Thursday, November 09, 2006

the occasional anachronist

First off, the title might lead you to think that I'm some kind of Lego warrior... I'm not. My only uses for duct tape and PVC pipe are for automotive and household repairs.

Anyway, in the midst of a twelve-hour workday, starting with an hour-long conference call and ending with zoning out on a leather couch watching our CFO give a presentation to investors, I realized something rather odd. I love paper.

Sure, I'm a computer programmer, and the vast majority of my work output (and recreational, for that matter) comes in those all-too-ephemeral forms of ASCII text in files, bytes in executables, and pixels on the screen... with each vertical sync of the monitor, each tick of the CPU clock, the things I do come and go. Whether it's love notes to my sweetheart, blog posts, photos of friends or some event, or simply some silly video clip, virtually everything I look at, modify, create, tweak, or interact with is electronic.

But when it comes time to read a book, jot down some notes, or draw up plans for some sort of project, I inevitably reach for that ancient ink or graphite on dried wood pulp.

There's very little better in this world than sitting in your home on a rainy autumn weekend, curling up under the blankets with someone you love, and opening up an old hardcover book... when you can identify your favorite novels not by appearance or title, but by weight and smell. New books, old books, fresh books, used books... I especially love the used books. When I was living in Ann Arbor, there were so many used bookstores around, and there were all sorts of titles that you'd never find anywhere else... I'll never forget finding my copy of William Gibson's Virtual Light... impeccable condition, likely only read once... with slightly yellowed pages and an absolutely wonderful smell... like memories of the basement as a child, and your first ping pong table, of laundry lint and fresh cut lumber, with just a dash of tool oil and aging vinyl records.

I've tried so many portable devices, from my ten year old PalmPilot to the Playstation Portable, and none of them can even approach the portability, flexibility, and relaxation of a printed book. The new e-Ink displays might come close, but they'll never smell like a good book.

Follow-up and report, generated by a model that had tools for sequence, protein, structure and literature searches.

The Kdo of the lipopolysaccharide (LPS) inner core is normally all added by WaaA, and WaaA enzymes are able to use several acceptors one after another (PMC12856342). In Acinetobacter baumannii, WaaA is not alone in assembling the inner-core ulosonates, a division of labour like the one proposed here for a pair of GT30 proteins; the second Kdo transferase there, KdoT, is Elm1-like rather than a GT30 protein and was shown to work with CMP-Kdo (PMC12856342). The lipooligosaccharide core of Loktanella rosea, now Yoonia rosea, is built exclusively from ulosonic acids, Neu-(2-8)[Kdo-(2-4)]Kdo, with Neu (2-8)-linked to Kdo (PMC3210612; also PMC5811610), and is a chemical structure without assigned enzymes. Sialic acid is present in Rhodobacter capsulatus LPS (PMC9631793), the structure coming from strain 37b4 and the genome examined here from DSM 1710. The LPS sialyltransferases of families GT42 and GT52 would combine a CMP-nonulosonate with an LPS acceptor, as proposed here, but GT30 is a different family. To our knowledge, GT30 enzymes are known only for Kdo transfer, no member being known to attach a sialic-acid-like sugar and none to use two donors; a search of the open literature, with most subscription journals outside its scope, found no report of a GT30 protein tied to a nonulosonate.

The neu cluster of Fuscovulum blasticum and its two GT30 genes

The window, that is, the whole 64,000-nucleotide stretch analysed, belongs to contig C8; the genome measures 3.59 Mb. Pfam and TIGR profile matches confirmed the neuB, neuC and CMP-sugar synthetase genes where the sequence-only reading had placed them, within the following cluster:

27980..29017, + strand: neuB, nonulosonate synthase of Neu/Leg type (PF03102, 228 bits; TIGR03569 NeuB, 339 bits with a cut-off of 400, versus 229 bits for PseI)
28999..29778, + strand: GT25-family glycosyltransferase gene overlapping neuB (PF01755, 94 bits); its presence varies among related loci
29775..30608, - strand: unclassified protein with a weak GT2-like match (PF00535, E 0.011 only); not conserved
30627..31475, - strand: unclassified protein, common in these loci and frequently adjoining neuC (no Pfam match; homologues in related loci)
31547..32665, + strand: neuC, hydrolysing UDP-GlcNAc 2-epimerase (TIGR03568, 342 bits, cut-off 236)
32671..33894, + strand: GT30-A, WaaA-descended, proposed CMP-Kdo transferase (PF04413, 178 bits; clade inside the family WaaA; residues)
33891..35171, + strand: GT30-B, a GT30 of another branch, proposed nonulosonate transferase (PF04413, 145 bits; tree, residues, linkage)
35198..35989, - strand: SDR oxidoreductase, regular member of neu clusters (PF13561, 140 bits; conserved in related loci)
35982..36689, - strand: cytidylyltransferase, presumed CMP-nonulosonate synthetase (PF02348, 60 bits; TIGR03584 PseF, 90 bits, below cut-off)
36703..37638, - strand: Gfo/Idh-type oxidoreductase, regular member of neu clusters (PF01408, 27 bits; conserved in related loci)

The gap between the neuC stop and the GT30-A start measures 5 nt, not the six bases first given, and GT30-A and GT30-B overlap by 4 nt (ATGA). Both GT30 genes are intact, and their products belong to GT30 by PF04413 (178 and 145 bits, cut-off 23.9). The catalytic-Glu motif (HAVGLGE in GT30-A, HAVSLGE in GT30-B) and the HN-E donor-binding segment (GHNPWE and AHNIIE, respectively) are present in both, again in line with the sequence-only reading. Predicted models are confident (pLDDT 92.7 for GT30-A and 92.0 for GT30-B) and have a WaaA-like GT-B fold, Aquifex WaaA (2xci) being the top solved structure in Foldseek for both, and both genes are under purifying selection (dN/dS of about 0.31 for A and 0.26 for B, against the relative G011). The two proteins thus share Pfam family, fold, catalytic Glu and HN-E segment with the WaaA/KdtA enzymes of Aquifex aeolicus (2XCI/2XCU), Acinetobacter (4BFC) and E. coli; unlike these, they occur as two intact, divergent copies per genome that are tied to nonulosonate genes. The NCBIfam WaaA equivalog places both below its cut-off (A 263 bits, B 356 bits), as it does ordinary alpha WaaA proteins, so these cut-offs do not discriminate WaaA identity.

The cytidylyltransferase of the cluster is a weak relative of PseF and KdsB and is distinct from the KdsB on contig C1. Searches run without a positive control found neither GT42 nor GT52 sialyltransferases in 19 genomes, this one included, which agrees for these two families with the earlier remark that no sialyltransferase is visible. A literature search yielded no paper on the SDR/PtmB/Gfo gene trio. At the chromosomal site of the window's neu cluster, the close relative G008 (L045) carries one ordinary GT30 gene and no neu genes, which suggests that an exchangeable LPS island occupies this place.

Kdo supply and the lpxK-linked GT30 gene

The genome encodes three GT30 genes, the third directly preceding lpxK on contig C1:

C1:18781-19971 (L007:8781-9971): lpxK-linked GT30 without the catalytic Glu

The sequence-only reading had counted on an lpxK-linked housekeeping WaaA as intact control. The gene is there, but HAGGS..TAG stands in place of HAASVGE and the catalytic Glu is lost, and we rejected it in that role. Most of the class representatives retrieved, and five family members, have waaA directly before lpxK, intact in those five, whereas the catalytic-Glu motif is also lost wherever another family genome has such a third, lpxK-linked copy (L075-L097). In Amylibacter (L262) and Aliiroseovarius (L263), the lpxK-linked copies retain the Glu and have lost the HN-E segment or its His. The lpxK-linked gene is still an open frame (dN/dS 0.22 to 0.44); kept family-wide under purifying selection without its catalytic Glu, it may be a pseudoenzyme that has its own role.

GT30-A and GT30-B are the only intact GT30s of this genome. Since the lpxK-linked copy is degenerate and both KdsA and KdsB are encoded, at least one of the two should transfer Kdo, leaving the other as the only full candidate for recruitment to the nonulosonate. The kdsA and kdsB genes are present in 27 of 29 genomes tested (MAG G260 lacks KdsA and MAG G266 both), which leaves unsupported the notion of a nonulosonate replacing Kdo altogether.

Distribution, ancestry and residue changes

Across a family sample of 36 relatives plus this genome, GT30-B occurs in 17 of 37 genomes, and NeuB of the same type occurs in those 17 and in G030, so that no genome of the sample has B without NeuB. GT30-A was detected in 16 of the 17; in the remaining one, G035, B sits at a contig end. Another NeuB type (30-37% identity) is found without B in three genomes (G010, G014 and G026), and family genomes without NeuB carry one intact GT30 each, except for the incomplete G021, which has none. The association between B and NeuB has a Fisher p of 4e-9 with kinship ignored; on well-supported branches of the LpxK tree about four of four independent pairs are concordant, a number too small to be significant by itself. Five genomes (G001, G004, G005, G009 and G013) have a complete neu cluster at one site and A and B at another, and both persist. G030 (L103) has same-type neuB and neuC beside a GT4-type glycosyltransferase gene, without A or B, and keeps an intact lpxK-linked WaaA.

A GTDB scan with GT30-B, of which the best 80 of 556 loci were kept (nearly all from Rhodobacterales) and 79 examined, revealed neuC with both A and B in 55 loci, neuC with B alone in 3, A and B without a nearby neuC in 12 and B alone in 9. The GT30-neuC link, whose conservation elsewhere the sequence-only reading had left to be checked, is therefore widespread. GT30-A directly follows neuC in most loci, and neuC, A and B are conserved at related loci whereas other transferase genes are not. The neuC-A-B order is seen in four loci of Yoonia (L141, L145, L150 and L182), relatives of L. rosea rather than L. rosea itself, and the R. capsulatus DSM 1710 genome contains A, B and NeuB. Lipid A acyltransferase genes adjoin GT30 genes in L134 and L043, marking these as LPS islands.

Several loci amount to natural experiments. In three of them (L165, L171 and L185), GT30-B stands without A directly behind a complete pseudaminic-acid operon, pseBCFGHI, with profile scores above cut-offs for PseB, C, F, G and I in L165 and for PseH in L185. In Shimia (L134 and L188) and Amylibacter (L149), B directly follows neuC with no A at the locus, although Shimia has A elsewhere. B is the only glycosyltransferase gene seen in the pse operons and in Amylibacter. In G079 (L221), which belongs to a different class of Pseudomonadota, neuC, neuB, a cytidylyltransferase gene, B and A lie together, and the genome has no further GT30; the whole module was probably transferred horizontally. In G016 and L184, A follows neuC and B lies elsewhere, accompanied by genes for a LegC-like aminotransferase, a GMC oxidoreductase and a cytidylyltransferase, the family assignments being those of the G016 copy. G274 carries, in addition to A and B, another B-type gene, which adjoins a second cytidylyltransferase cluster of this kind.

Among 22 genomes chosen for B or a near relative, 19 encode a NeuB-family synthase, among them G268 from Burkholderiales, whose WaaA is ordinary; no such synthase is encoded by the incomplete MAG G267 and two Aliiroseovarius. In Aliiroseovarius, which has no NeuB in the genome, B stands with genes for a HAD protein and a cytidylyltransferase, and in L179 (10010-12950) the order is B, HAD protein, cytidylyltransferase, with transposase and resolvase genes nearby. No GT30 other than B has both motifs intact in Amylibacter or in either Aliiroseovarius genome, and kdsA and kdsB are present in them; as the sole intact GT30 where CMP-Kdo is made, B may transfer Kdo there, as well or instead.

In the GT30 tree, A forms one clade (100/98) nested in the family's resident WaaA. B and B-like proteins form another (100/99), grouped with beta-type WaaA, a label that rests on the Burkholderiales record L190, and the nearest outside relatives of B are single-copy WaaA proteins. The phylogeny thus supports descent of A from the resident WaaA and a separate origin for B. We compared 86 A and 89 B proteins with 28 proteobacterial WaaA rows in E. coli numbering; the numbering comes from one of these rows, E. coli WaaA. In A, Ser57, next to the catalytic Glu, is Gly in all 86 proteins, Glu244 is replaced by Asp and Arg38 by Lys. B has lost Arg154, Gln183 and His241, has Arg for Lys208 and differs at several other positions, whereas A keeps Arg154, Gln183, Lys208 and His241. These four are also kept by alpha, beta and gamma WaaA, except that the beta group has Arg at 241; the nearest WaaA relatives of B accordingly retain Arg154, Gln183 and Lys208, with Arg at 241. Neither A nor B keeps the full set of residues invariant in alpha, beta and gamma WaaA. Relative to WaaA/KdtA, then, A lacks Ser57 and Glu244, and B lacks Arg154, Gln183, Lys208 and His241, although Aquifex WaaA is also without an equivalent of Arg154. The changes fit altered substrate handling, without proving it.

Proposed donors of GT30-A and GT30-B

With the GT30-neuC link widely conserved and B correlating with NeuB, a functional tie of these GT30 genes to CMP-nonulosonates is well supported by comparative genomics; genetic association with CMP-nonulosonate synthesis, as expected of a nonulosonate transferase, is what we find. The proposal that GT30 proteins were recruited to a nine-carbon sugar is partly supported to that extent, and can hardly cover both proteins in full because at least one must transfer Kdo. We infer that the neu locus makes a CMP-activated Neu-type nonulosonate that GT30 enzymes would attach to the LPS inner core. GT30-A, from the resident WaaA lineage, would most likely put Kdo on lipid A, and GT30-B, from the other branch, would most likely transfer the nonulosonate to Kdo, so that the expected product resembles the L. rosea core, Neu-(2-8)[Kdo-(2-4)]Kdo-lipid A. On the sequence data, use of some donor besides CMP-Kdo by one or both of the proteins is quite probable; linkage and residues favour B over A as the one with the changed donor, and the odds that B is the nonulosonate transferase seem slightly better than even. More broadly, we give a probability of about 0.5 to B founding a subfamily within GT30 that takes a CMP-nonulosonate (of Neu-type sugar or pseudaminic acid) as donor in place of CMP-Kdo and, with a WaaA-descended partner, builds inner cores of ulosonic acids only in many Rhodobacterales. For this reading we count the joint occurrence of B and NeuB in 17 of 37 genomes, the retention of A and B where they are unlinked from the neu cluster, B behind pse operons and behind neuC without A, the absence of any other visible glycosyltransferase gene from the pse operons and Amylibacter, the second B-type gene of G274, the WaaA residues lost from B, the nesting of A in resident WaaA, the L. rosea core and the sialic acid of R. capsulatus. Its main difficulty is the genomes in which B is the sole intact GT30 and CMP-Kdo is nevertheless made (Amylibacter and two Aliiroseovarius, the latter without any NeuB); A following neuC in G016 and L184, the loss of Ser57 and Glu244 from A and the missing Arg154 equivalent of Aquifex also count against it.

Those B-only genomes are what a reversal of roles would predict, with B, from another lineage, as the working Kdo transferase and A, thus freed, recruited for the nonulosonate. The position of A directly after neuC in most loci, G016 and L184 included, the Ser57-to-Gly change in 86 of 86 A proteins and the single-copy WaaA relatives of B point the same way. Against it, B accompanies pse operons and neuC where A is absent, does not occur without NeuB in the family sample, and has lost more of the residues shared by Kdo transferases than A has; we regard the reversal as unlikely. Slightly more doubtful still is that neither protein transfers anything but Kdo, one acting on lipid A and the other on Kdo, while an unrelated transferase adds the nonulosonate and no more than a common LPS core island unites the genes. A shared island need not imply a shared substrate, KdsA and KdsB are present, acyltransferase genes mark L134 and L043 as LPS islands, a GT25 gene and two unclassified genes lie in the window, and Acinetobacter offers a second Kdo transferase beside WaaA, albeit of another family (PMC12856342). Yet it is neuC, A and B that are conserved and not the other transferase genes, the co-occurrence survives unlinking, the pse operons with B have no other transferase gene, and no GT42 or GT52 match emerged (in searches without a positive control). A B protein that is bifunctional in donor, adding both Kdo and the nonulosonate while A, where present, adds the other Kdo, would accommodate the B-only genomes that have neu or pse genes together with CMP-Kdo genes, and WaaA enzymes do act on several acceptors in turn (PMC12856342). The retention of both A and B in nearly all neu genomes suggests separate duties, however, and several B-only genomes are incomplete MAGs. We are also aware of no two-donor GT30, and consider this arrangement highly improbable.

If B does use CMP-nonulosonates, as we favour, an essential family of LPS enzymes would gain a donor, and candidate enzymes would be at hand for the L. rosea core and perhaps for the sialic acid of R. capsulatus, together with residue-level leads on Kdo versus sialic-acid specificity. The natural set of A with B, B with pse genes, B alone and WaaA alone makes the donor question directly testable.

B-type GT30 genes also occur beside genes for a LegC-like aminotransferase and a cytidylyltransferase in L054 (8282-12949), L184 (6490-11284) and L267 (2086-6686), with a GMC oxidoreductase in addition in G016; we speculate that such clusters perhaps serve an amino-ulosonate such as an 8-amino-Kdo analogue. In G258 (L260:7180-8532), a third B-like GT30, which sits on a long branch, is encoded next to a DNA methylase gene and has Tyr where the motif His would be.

For drawing, brainstorming, doodling, or notetaking, I find myself reaching for a drafting leadholder and my four-square-per-inch graph paper notebook. Such an elegantly intuitive interface, so open-ended... I use graph paper because regular lined paper always seems to be missing a dimension. I don't use pens because ball-points give a horribly erratic feel when you write with them, and the other designs leave nasty blotches that soak through the layers whenever you pause, mid-stroke, to think. Most mechanical pencils feel like such a compromise... the lead is too thin for some things, too thick for others. The tips break, the leads jam, you can't shade with them... a good drafting lead holder gives all the benefits of a classic wooden pencil, but in a sleek, modern, and elegant package.

I know this seems rather odd and rambling, but that's the kind of mood my brain is in right now. It's actually rather incongruous with some of my actions, such as suggesting to sabs that we send our wedding invitations electronically. My timesheets at work, to-do lists, directions to destinations... I handle them all electronically, even though most normal people do them on paper. I'm not precisely sure why, but it seems that if I want the most direct and unmoderated access to my brain, whether input or output, it's best done on paper.

I'm off to bed, armed with a good book.


traumahob said...


2:13 PM  

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